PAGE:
A Google search for the term ‘Attorney’ will return you around 533 million results – give or take a million or so. A similar search for ‘Lawyer’ returns 640 million. So, within the 100 million region they two can be regarded in search terms as largely similar in terms of online search popularity.
But the actual difference between ‘lawyer’ and ‘attorney’ is one that has frequently arisen in queries we have received at LawFuel and it is an important distinction for the lay person to understand.
In essence, an ‘attorney’ is also a ‘lawyer’ in the commonly understood use of the term. However, the reverse is not quite the same. The two terms, in other words, are not interchangeable, as other dictionary definitions point out.
What IS a Lawyer?
In general, ‘lawyer’ is a more generic term that encompasses the various forms of law handled by those with law degrees. This is generally the same across multiple jurisdictions that use both terms.
NOLO’s legal dictionary, has no listed definition for “lawyer,” but you are directed to “attorney,” being the common, US description for ‘lawyer’.
In the United States, an ‘attorney’ is a ‘lawyer’ and the term denotes the same thing. However in other jurisdictions, such as the United Kingdom, Australia and others, an ‘attorney’ will generally be someone who has more limited legal responsibility, particularly as a trade mark ‘attorney’, for instance. In those countries, at attorney is not someone who is generally spoken of as a lawyer, but rather one of those (no offence intended) sub-species of lawyer.
The term ‘attorney’ comes form the French meaning, being ‘one appointed or constituted’ and is meaning a person acting on behalf of another as an agent or deputy.
In several jurisdictions there will be those imbued with ‘power of attorney’, which provides exactly the sort of ‘agent or deputy’ representation encompassed with the French definition.
Barristers vs. solicitors
In common law jurisdictions like the UK, Australia, New Zealand and elsewhere there are barristers, who provide court representation for clients (but they are also in a general sense properly called ‘lawyers’). And there are also ‘solicitors’, who handle other legal work and although they are generally perfectly able to also appear in court and conduct litigation, will instead frequently instruct a barrister to do so.
Solicitors too can be regarded quite properly as ‘lawyers’. Once again, the term ‘lawyer’ is used as an umbrella term encompassing barristers, solicitors and attorneys.
The US ‘Attorney’ vs. ‘Lawyer’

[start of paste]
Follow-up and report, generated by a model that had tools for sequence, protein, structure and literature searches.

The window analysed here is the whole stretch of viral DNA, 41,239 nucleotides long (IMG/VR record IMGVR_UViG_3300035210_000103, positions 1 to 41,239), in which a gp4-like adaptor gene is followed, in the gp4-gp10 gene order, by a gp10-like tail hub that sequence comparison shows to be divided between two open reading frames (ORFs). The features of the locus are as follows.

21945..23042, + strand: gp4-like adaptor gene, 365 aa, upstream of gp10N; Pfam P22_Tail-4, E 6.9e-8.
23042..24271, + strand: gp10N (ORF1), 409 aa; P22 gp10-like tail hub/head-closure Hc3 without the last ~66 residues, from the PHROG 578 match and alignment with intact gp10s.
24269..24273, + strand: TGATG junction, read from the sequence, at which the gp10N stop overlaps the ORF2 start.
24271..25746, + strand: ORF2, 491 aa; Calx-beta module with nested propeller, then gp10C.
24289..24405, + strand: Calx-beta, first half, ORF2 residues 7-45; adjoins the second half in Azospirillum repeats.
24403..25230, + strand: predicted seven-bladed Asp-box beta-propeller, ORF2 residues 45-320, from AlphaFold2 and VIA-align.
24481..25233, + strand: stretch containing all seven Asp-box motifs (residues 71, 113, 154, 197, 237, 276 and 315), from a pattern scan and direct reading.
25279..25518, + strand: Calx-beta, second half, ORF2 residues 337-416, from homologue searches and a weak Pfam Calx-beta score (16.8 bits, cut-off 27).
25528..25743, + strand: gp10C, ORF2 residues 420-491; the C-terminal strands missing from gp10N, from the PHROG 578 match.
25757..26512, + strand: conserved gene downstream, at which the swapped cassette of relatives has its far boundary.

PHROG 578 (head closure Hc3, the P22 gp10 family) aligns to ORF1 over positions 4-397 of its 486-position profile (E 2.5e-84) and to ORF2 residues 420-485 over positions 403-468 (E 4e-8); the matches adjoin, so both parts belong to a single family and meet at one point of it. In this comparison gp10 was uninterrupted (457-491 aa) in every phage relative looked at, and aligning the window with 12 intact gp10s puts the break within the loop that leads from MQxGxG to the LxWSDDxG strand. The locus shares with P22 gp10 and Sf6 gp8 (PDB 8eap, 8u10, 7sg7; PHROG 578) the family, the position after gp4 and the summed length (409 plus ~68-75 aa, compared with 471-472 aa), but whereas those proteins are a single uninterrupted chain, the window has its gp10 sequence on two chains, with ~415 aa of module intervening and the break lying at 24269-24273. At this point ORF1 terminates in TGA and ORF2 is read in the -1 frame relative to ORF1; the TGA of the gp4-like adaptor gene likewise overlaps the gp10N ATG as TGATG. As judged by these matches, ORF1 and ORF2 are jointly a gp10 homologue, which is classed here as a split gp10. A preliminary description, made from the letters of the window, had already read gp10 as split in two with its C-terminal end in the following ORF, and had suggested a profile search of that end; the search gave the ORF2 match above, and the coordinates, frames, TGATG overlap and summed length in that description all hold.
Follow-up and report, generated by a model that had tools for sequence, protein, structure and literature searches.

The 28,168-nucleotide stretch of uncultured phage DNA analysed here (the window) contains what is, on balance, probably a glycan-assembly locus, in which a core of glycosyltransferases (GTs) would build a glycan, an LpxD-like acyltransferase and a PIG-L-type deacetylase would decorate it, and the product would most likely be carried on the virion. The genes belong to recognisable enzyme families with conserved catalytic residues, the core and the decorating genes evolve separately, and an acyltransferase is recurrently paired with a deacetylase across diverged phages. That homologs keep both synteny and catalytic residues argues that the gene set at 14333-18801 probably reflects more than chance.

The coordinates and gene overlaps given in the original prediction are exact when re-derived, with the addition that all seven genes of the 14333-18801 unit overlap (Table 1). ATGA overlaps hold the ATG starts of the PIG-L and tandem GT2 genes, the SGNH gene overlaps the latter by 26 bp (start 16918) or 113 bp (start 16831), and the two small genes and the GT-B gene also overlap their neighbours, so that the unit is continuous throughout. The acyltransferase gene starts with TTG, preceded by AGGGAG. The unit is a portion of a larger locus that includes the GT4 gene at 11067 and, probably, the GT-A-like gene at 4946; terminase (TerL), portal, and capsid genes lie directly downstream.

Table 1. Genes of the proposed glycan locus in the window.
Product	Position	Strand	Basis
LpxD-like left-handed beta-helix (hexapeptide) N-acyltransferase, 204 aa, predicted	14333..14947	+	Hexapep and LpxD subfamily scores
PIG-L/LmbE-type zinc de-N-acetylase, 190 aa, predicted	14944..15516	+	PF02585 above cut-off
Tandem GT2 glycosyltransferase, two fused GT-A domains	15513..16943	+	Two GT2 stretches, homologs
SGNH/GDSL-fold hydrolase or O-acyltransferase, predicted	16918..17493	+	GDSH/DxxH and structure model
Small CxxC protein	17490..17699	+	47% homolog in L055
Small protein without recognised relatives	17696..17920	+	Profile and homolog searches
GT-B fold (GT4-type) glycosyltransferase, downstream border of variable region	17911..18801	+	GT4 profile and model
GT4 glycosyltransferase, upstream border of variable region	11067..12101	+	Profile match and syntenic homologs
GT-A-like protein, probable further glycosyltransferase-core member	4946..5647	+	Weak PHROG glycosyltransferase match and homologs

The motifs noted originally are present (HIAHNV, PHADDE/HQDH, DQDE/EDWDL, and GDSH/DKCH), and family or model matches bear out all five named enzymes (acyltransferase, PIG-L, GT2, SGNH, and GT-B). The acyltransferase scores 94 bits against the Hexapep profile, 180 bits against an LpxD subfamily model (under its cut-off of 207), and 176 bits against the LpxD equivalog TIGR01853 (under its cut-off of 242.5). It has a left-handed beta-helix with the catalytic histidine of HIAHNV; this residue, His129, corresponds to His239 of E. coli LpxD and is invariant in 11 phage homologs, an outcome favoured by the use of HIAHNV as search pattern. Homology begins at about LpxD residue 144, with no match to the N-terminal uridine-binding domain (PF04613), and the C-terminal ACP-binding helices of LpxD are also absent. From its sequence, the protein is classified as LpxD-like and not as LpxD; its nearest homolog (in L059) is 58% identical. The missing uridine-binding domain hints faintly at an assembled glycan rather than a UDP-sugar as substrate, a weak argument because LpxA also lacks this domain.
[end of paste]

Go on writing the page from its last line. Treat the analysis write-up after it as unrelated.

In the United States, attorneys are those who have qualified in law. The term is actually a shortened version of attorney-at-law. Like a ‘lawyer’, who has graduated from law school, they practice law but they need to also pass the bar examination and be able to practice law in court to be called ‘attorney’.
There is therefore a greater distinction in the United States between ‘lawyer vs. attorney’ by virtue of the qualification level and permission to practice law in court. Hence while every attorney may be called a lawyer, not every lawyer can be called an attorney.
What About ‘Counsel’?
Counsel can refer to a single lawyer or a group of lawyers who handle work for a client. The term is really a synonym for lawyers and attorneys handling legal work and thus is yet another potential ‘disrupter’ for those seeking to clarify the different meanings. Counsel, however, is a more descriptive and less prescriptive term without particular professional significance for the layman to understand.
Commonly, you will hear references in Courtroom dramas where an opposing lawyer will be referred to as ‘Counsel’, and this is a descriptive title for that person as a lawyer. Similarly, there will be references to ‘counsel’ who represent a corporation or some other entity, and this will be a reference to the legal entity representing that client.
Final Words on Attorney vs. Lawyer
The attorney vs. lawyer issue will doubtless continue for some time as many are confused about the various levels of lawyer and the titles that attach to them, however it is not necessarily a particularly complex question – just one with typically legal nuances creating often subtle differences in meaning.
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